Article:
It still surprises me when I’m trying to get past a crowd on an escalator and the pedestrians don’t know to keep right if they’re not moving. Fine, you don’t need a license to walk so maybe they just have never learned to stay to the right and they’re too oblivious to realize that’s what everyone else is doing. But driving a car is completely different. There are rules of the road, rather important rules if you want to survive, or have the barest of courtesy towards your fellow drivers.

Having driven too many times along that God forsaken stretch of highway between San Francisco and Los Angeles, I’ve had my share of frustration of slow drivers blocking the fast lane. I don’t care how fast you’re going, if someone is behind you, move to the right and let them pass. It doesn’t matter if you think you’re going fast enough; you’re not the speed arbiter of the road. All it does is enrage the people behind you. I can only assume that you are intentionally holding people behind you because if you’re too oblivious to realize a line of frustrated motorists tailing you, you’re not observant enough to be driving in the first place. For two-lane highways there is not much choice. Trucks dictate the speed of the right lane. The slowest motorist dictates the speed of the left lane. You should never be the car that sets the speed. As long as someone wants to go faster than you, get out of the way.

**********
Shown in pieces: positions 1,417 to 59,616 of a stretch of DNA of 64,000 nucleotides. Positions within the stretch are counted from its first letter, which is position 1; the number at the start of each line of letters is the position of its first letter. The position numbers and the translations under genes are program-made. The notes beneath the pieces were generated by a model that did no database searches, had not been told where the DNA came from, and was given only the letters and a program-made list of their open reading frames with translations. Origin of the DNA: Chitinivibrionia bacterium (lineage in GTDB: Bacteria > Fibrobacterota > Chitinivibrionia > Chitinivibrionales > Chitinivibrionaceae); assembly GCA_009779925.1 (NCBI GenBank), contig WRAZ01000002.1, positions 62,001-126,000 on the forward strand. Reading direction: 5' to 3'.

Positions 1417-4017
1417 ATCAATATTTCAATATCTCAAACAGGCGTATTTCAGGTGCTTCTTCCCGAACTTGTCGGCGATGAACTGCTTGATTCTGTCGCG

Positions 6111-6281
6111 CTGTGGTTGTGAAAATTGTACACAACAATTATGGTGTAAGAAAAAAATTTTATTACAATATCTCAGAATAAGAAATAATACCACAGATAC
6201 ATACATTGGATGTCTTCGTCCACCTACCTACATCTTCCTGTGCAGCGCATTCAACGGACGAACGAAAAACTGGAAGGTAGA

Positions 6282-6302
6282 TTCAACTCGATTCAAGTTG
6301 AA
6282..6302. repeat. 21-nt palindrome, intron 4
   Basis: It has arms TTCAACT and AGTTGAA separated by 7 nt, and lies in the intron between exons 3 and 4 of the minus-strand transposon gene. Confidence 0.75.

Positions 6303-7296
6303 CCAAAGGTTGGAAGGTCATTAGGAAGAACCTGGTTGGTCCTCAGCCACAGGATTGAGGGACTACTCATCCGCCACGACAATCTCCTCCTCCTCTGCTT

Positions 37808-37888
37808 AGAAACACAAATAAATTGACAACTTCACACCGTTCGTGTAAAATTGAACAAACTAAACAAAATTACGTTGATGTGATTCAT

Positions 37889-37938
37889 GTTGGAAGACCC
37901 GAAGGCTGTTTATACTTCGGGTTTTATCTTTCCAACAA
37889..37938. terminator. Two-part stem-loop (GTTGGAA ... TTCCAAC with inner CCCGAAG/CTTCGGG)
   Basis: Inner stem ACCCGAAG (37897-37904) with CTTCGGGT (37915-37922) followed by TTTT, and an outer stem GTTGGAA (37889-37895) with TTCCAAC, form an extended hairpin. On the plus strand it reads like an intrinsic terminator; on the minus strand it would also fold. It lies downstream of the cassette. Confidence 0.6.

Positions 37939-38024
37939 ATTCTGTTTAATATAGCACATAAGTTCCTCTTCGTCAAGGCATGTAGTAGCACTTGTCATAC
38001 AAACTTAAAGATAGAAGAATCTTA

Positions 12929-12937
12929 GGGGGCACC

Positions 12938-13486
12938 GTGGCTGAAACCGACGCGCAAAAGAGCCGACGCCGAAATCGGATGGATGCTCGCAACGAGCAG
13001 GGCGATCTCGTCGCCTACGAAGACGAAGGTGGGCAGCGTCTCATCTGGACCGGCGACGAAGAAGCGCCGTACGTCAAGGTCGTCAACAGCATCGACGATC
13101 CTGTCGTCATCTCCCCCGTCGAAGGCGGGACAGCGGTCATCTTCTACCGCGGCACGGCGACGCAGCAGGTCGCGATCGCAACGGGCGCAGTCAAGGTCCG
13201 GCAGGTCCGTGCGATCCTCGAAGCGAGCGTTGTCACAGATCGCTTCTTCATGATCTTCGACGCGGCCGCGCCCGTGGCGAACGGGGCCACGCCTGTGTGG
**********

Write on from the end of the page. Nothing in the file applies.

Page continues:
I don’t speed excessively on highways, even through long stretches of nothing.  I tend to speed up and try to pass cars in front of me; however, I respect the rules of the road. If I am being tailed and I’m uncomfortable driving any faster, I pull to the right. There’s very little diversion out on this highway and passing cars breaks up the monotony. Besides the In-n-Out oasis in Kettleman City, is there nothing else on the 5 interstate besides Jack in the Boxes and Carl’s Jrs.? That’s not completely fair. There are a few major landmarks. When it starts smelling like manure, you know you’re passing by Harris Ranch. When you see windmills, that’s Andersen’s Pea Soup. And when you pass Buttonwillow, look out for the only Indian restaurant between LA and SF. So if you’re not the speedy type and want to take it easy in life, those are three places to pull off the road instead of slowing down the fast lane.

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